CKNW returns to New Westminster to celebrate a milestone

Radio News from British Columbia

CKNW returns to New Westminster to celebrate a milestone

Postby radiofan » Wed Jul 24, 2019 1:14 pm

CKNW returns to New Westminster to celebrate a milestone
Theresa McManus / New West Record
July 21, 2019 08:05 AM

A CKNW radio station elephant and mascot appear in the 1954 May Day Parade on Columbia Street. The radio station is returning to New Westminster
in August to celebrate its 75th anniversary. Photograph By Courtesy New Westminster Archives

What’s happening?

In celebration of its 75th anniversary, 980 CKNW is having a full-day celebration at Anvil Centre on Thursday, Aug. 15 from 6:30 a.m. to 6 p.m. CKNW hosts Jon McComb (5:30 to 10 a.m.), Simi Sara (10 a.m. to 2 p.m.) and Lynda Steele (2 to 6 p.m.) will be broadcasting live on-site throughout the day.

Is it open to the public?

The free, family-friendly event allows guests to drop by Anvil Centre at any point in the day for entertainment, food sampling, and meet-and-greet sessions with former and current hosts of CKNW. Global BC will also be on-site with community reporter Michael Newman and meteorologist Kristi Gordon, who will be doing live hits from the celebration throughout the day.

While McComb (who recently celebrated his 35th anniversary with CKNW) hits the airwaves at 5:30 a.m., doors to Anvil Centre won’t open to the public until 6:30 a.m.

Tell me more:

In addition to local vendors who will on-site showcasing their businesses to the visitors, people will get a behind-the-scenes look into the world of broadcasting.

Former CKNW hosts and reporters taking part in the on-air celebrations include: Bill Good (1988 to 2014); Christy Clark (2007 to 2010); Bryan "Frosty" Forst (1964 to 2005); and George Garrett (1956 to 1999.)

Is the city involved in the celebration?

The New Westminster Museum and Archives is hosting a lecture on the station’s history in New West – its personalities, its development and more. Top Dog: CKNW – The New Westminster Years, will take place from 2 to 3 p.m. (code 30216) and 7 to 8 p.m. (code 22973). Register for these free lectures at 604-527-4640.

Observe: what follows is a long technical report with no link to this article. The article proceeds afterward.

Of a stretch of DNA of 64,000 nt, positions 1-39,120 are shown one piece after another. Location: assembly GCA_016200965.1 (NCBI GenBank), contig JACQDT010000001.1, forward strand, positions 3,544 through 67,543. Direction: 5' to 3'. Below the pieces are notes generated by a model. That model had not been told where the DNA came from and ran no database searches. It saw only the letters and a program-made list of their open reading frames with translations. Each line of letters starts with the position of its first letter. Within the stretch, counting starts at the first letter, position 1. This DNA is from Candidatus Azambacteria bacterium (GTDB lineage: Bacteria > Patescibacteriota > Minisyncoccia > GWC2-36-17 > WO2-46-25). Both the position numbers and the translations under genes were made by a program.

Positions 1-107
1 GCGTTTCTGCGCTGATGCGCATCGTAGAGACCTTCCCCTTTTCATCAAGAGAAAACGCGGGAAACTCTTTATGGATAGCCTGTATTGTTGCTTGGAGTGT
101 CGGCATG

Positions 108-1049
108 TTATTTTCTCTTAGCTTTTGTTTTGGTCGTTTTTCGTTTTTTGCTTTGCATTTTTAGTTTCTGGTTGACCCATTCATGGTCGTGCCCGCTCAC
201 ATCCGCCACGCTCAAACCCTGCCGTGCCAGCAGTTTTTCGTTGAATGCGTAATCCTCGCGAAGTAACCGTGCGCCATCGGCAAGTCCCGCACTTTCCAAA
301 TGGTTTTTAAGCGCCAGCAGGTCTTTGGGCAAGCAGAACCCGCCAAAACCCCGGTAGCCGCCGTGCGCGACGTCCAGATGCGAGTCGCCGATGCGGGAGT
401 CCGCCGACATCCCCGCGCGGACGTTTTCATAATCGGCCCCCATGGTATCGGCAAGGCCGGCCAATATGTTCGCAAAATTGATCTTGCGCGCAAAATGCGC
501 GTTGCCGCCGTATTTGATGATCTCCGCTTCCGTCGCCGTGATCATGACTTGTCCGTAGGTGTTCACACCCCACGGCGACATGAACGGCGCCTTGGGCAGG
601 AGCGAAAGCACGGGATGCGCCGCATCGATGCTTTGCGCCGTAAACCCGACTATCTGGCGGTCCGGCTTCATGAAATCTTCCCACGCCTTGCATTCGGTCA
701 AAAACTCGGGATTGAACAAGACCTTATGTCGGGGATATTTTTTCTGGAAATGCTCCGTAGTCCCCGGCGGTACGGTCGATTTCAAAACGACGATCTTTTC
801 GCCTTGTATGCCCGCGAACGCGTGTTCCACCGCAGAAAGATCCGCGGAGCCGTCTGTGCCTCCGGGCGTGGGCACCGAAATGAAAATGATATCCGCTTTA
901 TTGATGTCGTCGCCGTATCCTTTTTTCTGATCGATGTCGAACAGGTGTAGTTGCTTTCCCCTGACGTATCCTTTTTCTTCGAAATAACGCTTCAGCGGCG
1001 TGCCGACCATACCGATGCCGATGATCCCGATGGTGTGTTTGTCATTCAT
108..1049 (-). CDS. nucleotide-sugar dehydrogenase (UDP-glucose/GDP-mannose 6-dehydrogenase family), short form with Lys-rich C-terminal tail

Why celebrate in New West?

CKNW may have moved to downtown Vancouver in 1996, but it’s proud of its roots in the Royal City – the NW in CKNW stands for New Westminster.

CKNW began broadcasting from the former Windsor Hotel, near Columbia and Eighth streets in downtown New Westminster, on Aug. 15, 1944. In January 1969, it relocated into a larger studio space at Eighth and McBride in New Westminster.

“CKNW is an iconic news and talk radio station that continues to impress listeners with an evolving approach that both honours our storied history and incorporates compelling new content that reflects the realities of today’s world,” said Larry Gifford, national director of AM Radio, Corus Entertainment. “We are proud to celebrate 75 years in CKNW’s birthplace as we look forward to the station’s bright future.”

Was CKNW always a news station?

When CKNW officially signed on, it played both live and recorded country and western music. But right from the beginning, it ran hourly newscasts from 6 a.m. to midnight, which was unique in its day.

How is CKNW celebrating its anniversary on air?

Starting on Monday, Aug. 12, CKNW is taking a trip down memory lane and sharing great moments in the station’s history with the listeners. In addition to a two-hour special with Lynda Steele and Red Robinson listening back to the Beatles concert at Empire Stadium in 1964, which was broadcast live on CKNW, other highlights include Bill Rea’s Open Line in 1946, CKNW’s coverage of the Miracle Mile, the first-ever Vancouver Canucks game, Expo 86, the CKNW Orphan Fund’s annual herring sale, the Man in Motion tour, as well as the undercover towing story that made George Garrett such an intrepid reporter.

What is the CKNW Kids’ Fund?

In December 1944, the brand-new station decided to make the holiday season a little brighter for a local orphanage by purchasing gifts for residents of The Loyal Protestant Home, which was located at Sixth Street and Eighth Avenue. The orphanage no longer exists, but the CKNW Kids' Fund (it’s no longer called the CKNW Orphans Fund) has expanded to support vulnerable kids with physical, mental and social challenges in communities throughout B.C. ... 1.23891073
Those who danced were thought to be quite insane by those who couldn't hear the music.
User avatar
Advanced Member
Posts: 11231
Joined: Sun Apr 16, 2006 1:24 pm
Location: Keremeos, BC

Return to British Columbia

Who is online

Users browsing this forum: No registered users and 2 guests